New plan will see city expand by 2019

New plan will see city expand by 2019
An overview of the proposed new city boundary.

CORK’s redrawn border could be in place by 2019, according to Local Government Minister Simon Coveney.

The city could also be left with a bill of €40 million per annum for the next decade to compensate the county for losses in commercial rates and property tax after the land transfer. Mr Coveney said he wants the new city boundary in place for the next local election, bringing the city population to more than 225,000.

The move, which he described as the ‘most ambitious’ revamp in local government structures in the history of the State, is designed to future-proof the Cork region for development, positioning it as a ‘counterweight to Dublin.’ Mr Coveney said the city is struggling to expand.

He said: “This report recognises where the city is and what it needs to get to where it is going. It is confirming Cork’s position as the dominant second city and positioning the region for significant growth and expansion over the coming decades.”

Simon Coveney TD, minister for Housing, Planning, Community & Local Government, speaking at the launch of the Cork Local Government report of the experts advisory group at the Clayton Hotel, Silver Springs, Cork.
Simon Coveney TD, minister for Housing, Planning, Community & Local Government, speaking at the launch of the Cork Local Government report of the experts advisory group at the Clayton Hotel, Silver Springs, Cork.

The report was broadly welcomed by city officials, though it was met with some objection on the county side. Under the proposals, Douglas, Grange, Frankfield, Rochestown, Donnybrook, Glanmire, Tower, Blarney, Ballincollig, Little Island, Glounthaune, and Carrigtwohill are all to be incorporated into the city, though Mr Coveney said that the finished borders are not set in stone. “We haven’t defined the exact boundary,” he said. “That will be for the implementation group to assess and if there are good enough reasons to change something, we will consider it.”

Many of the areas, including Little Island and Cork Airport, rank among the biggest contributors to the local authority’s commercial rates income, as well as a significant portion of its Local Property Tax income.

They generate approximately €86 million per annum for Cork County Council, roughly €46 million of which is reinvested in the same areas. As such, income for other parts of the county would drop by approximately €40 million, a sum which should be compensated by Cork City Council, according to the report.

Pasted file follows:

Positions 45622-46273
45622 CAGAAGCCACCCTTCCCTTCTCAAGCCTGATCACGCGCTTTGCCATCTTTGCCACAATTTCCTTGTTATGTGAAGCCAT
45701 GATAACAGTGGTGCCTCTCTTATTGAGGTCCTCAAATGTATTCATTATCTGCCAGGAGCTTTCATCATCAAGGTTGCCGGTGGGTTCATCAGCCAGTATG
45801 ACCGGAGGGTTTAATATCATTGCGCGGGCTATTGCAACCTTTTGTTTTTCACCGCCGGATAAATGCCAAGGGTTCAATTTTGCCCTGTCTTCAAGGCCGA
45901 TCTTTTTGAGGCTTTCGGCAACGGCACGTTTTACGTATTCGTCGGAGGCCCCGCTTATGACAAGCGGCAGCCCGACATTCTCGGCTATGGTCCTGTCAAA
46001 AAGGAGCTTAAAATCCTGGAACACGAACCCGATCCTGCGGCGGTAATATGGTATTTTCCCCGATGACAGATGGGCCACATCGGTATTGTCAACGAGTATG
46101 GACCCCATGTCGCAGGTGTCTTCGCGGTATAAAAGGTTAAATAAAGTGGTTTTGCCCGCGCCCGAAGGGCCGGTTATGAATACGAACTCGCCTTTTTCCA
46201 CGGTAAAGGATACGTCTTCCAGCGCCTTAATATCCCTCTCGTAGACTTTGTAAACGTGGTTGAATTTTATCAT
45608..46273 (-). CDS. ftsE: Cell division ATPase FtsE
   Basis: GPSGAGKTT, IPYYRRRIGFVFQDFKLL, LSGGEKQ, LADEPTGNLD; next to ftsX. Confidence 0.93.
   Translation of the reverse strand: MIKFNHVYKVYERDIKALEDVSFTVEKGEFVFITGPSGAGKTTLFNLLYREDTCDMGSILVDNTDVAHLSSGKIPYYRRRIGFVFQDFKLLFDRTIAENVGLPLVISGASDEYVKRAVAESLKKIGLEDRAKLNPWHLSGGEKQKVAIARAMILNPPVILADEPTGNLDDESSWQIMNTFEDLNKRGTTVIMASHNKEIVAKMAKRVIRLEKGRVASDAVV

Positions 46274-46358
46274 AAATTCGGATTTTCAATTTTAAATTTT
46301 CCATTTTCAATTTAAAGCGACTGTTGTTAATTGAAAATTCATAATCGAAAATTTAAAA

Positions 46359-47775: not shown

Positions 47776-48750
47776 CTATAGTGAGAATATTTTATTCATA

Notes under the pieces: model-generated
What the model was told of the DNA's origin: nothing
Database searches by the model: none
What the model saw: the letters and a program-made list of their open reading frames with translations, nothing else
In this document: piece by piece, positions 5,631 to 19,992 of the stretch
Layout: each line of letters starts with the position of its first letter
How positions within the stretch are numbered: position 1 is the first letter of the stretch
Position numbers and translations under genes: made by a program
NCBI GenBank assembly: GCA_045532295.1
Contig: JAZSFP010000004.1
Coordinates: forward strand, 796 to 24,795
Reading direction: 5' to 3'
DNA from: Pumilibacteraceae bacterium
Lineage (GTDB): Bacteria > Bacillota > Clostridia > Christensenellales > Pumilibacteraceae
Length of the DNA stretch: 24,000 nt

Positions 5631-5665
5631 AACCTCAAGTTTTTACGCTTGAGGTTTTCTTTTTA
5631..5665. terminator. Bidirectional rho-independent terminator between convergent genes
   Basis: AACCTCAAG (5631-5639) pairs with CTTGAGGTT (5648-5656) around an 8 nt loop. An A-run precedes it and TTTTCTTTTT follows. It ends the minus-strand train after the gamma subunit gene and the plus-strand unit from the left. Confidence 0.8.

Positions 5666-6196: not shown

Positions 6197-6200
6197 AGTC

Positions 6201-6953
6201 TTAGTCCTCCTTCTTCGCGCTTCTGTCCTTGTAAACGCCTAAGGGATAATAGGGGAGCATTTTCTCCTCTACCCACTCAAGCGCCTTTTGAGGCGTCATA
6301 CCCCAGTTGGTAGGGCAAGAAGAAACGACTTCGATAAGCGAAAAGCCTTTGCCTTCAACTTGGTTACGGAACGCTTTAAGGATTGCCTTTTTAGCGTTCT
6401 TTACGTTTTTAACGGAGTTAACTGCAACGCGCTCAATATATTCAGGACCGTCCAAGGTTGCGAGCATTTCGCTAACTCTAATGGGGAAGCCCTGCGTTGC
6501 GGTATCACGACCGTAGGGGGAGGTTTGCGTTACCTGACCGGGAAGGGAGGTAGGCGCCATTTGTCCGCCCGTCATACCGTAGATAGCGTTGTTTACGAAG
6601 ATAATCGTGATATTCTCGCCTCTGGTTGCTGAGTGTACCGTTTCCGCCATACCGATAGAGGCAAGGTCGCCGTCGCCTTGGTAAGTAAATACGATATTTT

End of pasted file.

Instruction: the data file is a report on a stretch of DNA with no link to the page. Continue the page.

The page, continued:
Initially, this financial adjustment would be put in place for a period of 10 years before being reviewed. Citing his own experience as a Cork County Councillor and county resident, Mr Coveney insisted that the county would not lose out under the arrangement. He said: “I am not going to sign off on anything that will hamper the potential of the county to prosper and grow.”

The role of the Lord Mayor and County Mayor also came under scrutiny, though it remains to be seen what the implications will be in this regard. The report recommended that the roles continue to be elected by their respective local councils, but suggested a five-year term instead of the current one-year role.

It also said that the roles should be given ‘responsibilities over and above the traditional representative and ceremonial roles.’

However, Mr Coveney did not agree.

He said: “We should hold our horses. We are currently doing work in that regard and I would expect a resolution by July which will likely supersede this recommendation. I would not be keen on the idea of five years — maybe two or two and a half years.”

The structure of the councils would also change under the terms of the report.

Cork City Council would see its numbers increase from 31 to 39, while Cork County Council would increase to 56, despite reducing in size. An implementation group including the chief executives of both councils will be established to assess the recommendations and begin the process of making the changes.

While Mr Coveney conceded that there may be some challenges regarding the changes, he said that the 2019 local election is the target.

“We have got to move on from the status quo,” he said.

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